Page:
This development is significant, as we are starting to see how MOOCs will affect the middle-tier schools, the significant number of institutions that serve a large population of students of all ages.

Further Reading:

  • Further Evolution of MOOCs with Academic Partnerships and MOOC2Degree Launch, e-literate, Phil Hill
  • MOOCs the Perfect Storm, HUFFPOST Students United Kingdom, Helena Gillespie
  • Universities Try MOOCs in Bid to Lure Successful Students to Online Programs, Wired Campus, Steve Kolowich
  • Press Release: Academic Partnerships Launches MOOC2Degree Initiative (Massive Open Online Courses), January 23, 2013
  • Q&A with Randy Best on MOOC2Degree, Inside Higher Ed, Joshua Kim

We will no doubt be hearing more about these developments and stories over the next few weeks – stay tuned!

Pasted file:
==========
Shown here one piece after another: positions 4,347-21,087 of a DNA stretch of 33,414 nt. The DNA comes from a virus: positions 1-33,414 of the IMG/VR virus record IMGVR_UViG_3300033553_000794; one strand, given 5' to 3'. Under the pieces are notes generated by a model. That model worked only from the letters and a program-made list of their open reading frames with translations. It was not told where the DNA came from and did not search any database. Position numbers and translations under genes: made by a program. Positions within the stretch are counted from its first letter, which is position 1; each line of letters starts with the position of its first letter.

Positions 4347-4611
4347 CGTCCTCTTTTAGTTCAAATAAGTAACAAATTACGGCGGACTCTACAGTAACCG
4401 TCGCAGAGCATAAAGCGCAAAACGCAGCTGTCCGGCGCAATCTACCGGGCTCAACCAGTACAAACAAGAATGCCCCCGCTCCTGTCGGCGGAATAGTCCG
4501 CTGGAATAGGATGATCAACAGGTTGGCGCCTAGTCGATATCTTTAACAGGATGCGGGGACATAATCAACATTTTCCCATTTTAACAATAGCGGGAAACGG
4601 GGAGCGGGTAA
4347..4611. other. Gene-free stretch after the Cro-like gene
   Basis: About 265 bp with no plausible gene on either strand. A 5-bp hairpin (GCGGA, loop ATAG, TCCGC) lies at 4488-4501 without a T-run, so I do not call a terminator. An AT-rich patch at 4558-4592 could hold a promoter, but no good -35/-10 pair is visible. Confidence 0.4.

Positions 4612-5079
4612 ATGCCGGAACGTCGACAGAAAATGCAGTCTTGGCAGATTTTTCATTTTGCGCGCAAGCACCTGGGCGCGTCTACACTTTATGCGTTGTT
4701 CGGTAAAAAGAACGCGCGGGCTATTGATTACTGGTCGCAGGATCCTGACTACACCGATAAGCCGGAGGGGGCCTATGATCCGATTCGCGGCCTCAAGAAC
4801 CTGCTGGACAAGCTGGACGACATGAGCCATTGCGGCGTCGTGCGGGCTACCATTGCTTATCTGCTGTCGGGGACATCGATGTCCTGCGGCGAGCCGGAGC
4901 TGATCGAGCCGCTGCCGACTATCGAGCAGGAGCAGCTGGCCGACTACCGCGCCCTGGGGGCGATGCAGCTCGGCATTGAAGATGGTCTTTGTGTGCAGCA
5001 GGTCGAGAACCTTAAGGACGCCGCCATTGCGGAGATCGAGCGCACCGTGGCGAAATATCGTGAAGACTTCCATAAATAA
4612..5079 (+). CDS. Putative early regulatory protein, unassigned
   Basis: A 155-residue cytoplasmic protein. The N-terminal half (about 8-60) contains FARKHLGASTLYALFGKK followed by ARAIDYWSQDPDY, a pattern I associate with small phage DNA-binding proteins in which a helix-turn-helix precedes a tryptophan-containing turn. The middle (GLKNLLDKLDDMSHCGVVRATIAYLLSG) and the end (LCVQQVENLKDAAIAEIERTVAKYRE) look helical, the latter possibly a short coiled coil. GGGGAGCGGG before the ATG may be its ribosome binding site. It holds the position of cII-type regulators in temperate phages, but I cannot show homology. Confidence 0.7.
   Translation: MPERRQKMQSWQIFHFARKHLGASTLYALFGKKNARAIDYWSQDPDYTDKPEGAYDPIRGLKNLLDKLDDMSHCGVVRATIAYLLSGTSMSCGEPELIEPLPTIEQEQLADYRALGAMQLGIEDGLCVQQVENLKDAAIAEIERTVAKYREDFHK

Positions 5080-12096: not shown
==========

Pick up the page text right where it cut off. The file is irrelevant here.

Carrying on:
What-the-heck Happened in 2012? Review of the Top Three Events in Education

This was an extraordinary year in the education sector providing bloggers and journalists  with much content to write about: ed-tech start-ups, big data, open courses attracting thousands of students and even some institutional drama  in the mix. Several bloggers I follow have done an excellent job in summarizing the years’ events; my review is on a lighter note, a digest if you will on the three most significant topics [in my opinion] of 2012. Each event includes a synopsis of the topic with links to blog posts and articles summarizing and exploring what-the-heck happened in 2012.

THE MOOC! The movieimage by Guilia Forsthye
THE MOOC! The movie, image by Guilia Forsthye